The house was old and dated, but it had good bones and potential, including a separate entrance to the basement, perfect for rental income further afield.

It had been on the market for a week and had a failed offer night when the sellers turned down the offers. It was listed at $1,129,000 and we offered $1,180,000, but they responded with a number out of our reach – $1,235,000 – so we walked out.

Three weeks later, after losing a handful of Toronto bidding wars, the semi-detached house was still up for sale and sellers were getting nervous. We decided to make a second, lower offer and ended up with a purchase price of $1,175,000 – $5,000 less than our original offer three weeks earlier.

Although I had seen the house via FaceTime calls from Winnipeg, I hadn’t stepped into our new house until two weeks after we got it. It was only a five minute drive from our old house, but it felt like a world away – the neighborhood had no space between houses and the house was much darker than my open and airy shed.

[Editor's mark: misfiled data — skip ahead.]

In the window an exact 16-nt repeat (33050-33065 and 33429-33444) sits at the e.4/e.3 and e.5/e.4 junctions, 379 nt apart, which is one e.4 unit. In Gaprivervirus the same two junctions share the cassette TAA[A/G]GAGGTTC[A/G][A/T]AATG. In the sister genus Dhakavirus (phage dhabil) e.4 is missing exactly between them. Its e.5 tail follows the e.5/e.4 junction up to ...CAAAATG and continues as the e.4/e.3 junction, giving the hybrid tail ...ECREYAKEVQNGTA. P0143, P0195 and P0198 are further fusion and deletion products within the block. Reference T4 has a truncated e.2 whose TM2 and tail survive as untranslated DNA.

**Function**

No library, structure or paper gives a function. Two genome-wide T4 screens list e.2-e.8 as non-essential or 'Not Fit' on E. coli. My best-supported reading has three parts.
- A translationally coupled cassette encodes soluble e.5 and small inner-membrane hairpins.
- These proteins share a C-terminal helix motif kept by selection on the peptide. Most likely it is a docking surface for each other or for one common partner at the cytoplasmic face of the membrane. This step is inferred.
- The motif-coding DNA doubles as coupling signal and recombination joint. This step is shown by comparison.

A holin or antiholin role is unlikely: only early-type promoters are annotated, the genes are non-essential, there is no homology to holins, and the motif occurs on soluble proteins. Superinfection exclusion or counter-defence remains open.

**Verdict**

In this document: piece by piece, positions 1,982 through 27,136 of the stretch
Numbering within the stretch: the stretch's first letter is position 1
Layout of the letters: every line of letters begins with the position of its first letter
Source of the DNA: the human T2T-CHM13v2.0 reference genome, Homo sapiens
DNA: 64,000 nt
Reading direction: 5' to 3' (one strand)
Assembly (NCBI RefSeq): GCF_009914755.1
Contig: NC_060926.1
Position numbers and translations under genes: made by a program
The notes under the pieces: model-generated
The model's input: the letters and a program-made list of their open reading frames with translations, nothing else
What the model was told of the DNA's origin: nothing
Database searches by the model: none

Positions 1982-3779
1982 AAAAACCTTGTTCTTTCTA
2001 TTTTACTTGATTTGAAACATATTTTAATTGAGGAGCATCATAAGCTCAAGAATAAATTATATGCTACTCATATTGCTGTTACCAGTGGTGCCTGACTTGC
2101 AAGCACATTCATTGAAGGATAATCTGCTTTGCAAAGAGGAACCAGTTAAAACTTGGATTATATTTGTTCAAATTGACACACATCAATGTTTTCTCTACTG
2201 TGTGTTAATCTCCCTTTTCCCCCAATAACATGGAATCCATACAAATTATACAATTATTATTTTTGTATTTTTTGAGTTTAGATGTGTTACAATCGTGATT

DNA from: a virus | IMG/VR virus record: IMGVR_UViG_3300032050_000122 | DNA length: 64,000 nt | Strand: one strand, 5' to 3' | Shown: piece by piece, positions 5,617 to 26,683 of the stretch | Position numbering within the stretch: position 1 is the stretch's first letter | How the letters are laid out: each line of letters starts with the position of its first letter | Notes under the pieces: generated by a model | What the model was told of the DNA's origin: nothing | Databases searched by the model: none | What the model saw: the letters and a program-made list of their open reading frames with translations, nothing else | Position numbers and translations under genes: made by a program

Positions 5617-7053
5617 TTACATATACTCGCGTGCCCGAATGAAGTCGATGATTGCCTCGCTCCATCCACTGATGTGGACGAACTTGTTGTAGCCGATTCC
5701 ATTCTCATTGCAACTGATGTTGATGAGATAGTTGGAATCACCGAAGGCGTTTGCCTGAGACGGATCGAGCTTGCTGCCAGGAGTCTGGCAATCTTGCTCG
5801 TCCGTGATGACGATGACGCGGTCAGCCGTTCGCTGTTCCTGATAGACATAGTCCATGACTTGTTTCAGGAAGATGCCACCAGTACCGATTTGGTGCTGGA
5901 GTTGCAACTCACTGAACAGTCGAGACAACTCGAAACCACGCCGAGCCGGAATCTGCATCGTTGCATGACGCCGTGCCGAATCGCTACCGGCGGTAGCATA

Still, the kitchen was large and beautiful, the front porch overlooked a tree-lined street that smelled of fresh flowers, and we now had an extra bedroom (perfect for visiting family and friends). I still felt peaceful to let go of my old house. It was time to move on—just a few blocks west instead of a county.

So, what has this experience taught me? Sometimes the grass isn’t always greener. I had visions of a big house with a big yard and a swimming pool, but when I was confronted with that reality, it wasn’t really me.

The truth is, it’s important to love where you live. At least it is for me. Could I have been happy in Winnipeg? Secure. I would best describe it as a safe, sleepy choice and, frankly, I wasn’t ready to take it easy. I knew if we moved to Winnipeg I would always wonder what could have been if we had stayed in Toronto.

While no one can tell what the future will bring, as I sit on my porch with my dog, Stanley, softly snoring next to me, for now I’m happily right where I am.

Rachel Naud is the founder of INBETWEEN magazine, a digital magazine for parents of teens. When she’s not working on her porch with her dog, Stanley, she likes to walk to the Danforth for coffee and croissants.